Sponsors of 401(k) plans should be more worried about how much money participants are socking away than where they choose to invest that money, warns Sylvester Schieber, director of research at Watson Wyatt Worldwide Inc., Washington.
His new study dispels the notion that American workers play safe with their retirement dollars.
True, employees in their 50s and 60s still have most of their retirement dollars in guaranteed investment contracts and bonds, Mr. Schieber found. But his study of more than 36,000 participants in 401(k)-type retirement plans found workers in their 20s and 30s invested more than half their retirement money in stocks. Workers in their 50s tucked away only about 30% of their retirement dollars in stocks, and those in their 60s, 13%.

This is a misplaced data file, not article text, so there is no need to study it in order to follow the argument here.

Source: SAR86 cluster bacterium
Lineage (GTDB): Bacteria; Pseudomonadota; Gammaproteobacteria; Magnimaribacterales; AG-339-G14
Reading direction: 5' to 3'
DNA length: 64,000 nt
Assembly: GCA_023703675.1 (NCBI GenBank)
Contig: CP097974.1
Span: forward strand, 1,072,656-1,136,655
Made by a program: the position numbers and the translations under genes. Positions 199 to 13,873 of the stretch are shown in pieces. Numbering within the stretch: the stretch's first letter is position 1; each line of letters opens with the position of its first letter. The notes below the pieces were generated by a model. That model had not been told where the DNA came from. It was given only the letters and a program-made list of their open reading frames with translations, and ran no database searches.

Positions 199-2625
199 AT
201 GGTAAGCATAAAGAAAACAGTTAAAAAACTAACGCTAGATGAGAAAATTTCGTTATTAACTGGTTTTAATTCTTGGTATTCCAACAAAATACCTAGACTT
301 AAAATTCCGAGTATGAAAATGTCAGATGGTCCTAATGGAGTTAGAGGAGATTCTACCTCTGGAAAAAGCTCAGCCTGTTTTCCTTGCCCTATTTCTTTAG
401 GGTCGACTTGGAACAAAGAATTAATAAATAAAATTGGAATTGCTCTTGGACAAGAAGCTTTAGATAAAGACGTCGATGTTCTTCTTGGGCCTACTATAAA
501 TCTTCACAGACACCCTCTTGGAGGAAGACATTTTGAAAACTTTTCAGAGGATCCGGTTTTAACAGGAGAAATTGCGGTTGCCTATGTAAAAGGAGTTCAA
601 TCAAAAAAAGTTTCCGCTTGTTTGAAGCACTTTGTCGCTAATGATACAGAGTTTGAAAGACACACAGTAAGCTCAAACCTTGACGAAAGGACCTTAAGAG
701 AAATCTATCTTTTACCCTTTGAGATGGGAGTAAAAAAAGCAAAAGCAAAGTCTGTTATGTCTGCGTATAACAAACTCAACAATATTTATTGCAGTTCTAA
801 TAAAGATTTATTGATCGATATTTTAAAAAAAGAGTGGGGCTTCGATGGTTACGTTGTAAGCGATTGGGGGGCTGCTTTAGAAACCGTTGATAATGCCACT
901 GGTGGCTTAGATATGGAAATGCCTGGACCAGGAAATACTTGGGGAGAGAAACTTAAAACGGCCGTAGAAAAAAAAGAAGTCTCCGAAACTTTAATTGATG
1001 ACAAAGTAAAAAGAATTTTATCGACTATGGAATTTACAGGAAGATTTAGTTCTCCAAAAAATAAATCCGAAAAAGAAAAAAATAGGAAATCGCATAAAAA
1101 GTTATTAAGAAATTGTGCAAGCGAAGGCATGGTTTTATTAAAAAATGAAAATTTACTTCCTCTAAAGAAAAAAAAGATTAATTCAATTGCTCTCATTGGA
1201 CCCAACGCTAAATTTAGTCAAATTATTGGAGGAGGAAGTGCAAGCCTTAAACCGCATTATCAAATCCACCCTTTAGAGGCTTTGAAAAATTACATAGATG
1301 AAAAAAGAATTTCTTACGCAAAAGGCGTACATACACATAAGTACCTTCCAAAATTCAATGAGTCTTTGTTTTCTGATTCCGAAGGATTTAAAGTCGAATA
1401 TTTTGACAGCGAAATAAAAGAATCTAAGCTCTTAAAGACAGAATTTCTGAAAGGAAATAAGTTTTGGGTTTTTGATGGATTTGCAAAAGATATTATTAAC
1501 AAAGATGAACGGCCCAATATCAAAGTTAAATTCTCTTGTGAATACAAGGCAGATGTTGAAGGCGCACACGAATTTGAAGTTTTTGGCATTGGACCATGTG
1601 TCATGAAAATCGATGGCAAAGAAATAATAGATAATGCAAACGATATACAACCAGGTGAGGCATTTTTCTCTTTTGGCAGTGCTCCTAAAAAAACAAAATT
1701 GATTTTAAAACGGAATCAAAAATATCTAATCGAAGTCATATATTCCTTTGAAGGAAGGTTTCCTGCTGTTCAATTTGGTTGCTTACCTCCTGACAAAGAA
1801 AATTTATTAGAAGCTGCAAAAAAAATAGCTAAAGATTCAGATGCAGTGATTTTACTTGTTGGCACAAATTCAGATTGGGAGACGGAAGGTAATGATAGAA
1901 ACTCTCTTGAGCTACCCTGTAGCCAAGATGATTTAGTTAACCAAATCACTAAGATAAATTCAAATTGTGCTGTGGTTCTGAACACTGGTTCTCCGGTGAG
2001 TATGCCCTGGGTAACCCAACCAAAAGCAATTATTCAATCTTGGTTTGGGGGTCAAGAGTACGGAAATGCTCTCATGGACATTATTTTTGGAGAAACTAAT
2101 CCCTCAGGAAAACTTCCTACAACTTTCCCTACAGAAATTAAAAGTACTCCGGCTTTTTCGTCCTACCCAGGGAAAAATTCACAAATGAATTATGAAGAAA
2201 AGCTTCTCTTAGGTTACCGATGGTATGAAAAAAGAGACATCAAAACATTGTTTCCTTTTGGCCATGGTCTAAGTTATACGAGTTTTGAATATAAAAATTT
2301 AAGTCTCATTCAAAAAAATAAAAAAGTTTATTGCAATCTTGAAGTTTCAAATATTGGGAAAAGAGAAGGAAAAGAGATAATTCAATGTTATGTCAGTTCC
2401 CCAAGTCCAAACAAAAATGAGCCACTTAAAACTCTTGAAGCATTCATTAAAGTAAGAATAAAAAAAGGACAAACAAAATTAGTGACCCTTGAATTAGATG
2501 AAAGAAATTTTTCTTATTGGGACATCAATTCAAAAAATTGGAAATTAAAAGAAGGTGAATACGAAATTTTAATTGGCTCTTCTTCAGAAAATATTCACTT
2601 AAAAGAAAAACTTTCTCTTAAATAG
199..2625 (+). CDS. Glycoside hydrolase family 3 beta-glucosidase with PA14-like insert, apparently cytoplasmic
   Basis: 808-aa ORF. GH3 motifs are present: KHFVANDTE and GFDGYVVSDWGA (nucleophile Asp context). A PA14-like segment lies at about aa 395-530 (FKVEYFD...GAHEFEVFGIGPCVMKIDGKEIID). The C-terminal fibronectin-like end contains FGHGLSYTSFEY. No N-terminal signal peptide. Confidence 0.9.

In general, workers under 40 tend invest about 60% in stocks and 40% in bonds.
What's more, lower-paid employees take fewer chances than higher-paid employees. Those earning under $25,000 had almost two-thirds of their retirement plan assets in bond funds, while those earning between $75,000 and $100,000 had only one-fourth of their retirement money in such conservative investments.
Mr. Schieber reasons that lower-paid workers may be more conservative in case they need to tap retirement savings for emergencies.
"All the whining about defined contribution plans may be misplaced," Mr. Schieber says. "There are other issues that are at least as important such as what's happening to those who aren't contributing, or are contributing 3%-4% (of pay) when they could be investing 8%-9%," Mr. Schieber said.
As a result, Mr. Schieber suggests employers spend more of their time and energy coaxing workers into putting their money away for their golden years, rather than worrying about where employees are putting away that money.
And he said participants in employee-directed plans can't be expected to take the same kinds of risks that their employers take in employer-directed plans.